With funding from the Hechscker Foundation for Children, CARA has been working this fall with a cohort of 10 community based organizations who provide college access support to the students they serve. While the organizations’ core missions range from teaching rowing or chess to being an anchor in their communities for a range of critical services, all have come to see getting their students across the finish line to higher education as central to realizing their vision. Collectively, they are serving more than 1,000 young people throughout New York City in the 20-21 school year.
The CBO Consortium Includes:
Throughout the year, the consortium will be a space for CBOs to learn from peers and share challenges and solutions for out-of-school time programming, while utilizing CARA’s College Inquiry curriculum and counseling resources. Some are just starting college access work, while others are enriching their current post-secondary programming; together this fall, they’ve discussed early awareness work in grades 9 & 10, counseling best practices, utilizing peer leadership, and engaging families. We are excited to continue to learn together as the year continues.
The policy brief is the result of three years of research at New York City schools who were working to restructure their college access work. Supported by generous funding from the New York Community Trust and The Heckscher Foundation for Children, and made possible by CARA’s partnership with 7 NYC public high schools, it explores the challenges schools face, and then surfaces successful practices.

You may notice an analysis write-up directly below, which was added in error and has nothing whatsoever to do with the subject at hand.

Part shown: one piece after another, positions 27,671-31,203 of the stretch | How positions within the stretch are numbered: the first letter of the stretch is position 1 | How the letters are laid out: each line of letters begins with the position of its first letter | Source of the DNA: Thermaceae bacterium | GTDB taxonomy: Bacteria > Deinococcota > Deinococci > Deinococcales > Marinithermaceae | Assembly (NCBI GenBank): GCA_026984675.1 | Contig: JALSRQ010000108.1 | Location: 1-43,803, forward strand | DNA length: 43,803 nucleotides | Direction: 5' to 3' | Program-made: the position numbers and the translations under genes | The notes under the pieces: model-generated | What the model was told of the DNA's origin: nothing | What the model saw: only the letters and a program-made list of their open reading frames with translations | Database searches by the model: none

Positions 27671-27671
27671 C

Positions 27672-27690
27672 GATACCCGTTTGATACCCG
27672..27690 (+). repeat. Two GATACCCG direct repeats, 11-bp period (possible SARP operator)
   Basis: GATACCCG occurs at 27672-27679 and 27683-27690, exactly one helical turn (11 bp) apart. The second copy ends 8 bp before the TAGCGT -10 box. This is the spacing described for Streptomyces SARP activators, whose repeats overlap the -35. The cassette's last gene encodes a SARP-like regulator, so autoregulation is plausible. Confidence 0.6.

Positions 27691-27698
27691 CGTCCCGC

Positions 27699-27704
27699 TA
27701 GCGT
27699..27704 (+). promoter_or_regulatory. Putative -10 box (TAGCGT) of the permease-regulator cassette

KEY TAKEAWAYS INCLUDE:
- The role of school leadership in shepherding curriculum implementation and building shared ownership and accountability among teachers;
- The pros and cons of utilizing various classroom “spaces” for 9-12th access work;
- The resources needed to move postsecondary counseling from an ‘enrichment’ to an ‘entitlement’ model.
While this research was conducted before March of 2020 – and thus before the economic and educational crises that COVID has created – we believe that the best practices that it recommends can help schools and the city at large steer towards more equitable postsecondary access in the years ahead.
Paul Tough’s article in this week’s New York Times magazine – Her School Offered a Path to the Middle Class: Will Covid-19 Block It? – chronicles the tremendous obstacles that low-income students of color faced in accessing college this spring and summer; and it highlights CARA’s work addressing those obstacles at one NYC public high school, as well as our evolving thinking about the landscape of college opportunities
As Tough notes, the CARA College Inquiry curriculum utilized by Richmond Hill High School over the past four years has brought many more students to the doorstep of higher education; the college counselors we collaborate with and the College Bridge coaches that we train help carry them across the threshold. His article depicts the work of two College Bridge Coaches as they support graduating seniors through a college transition further complicated by COVID-19.
CUNY College Connect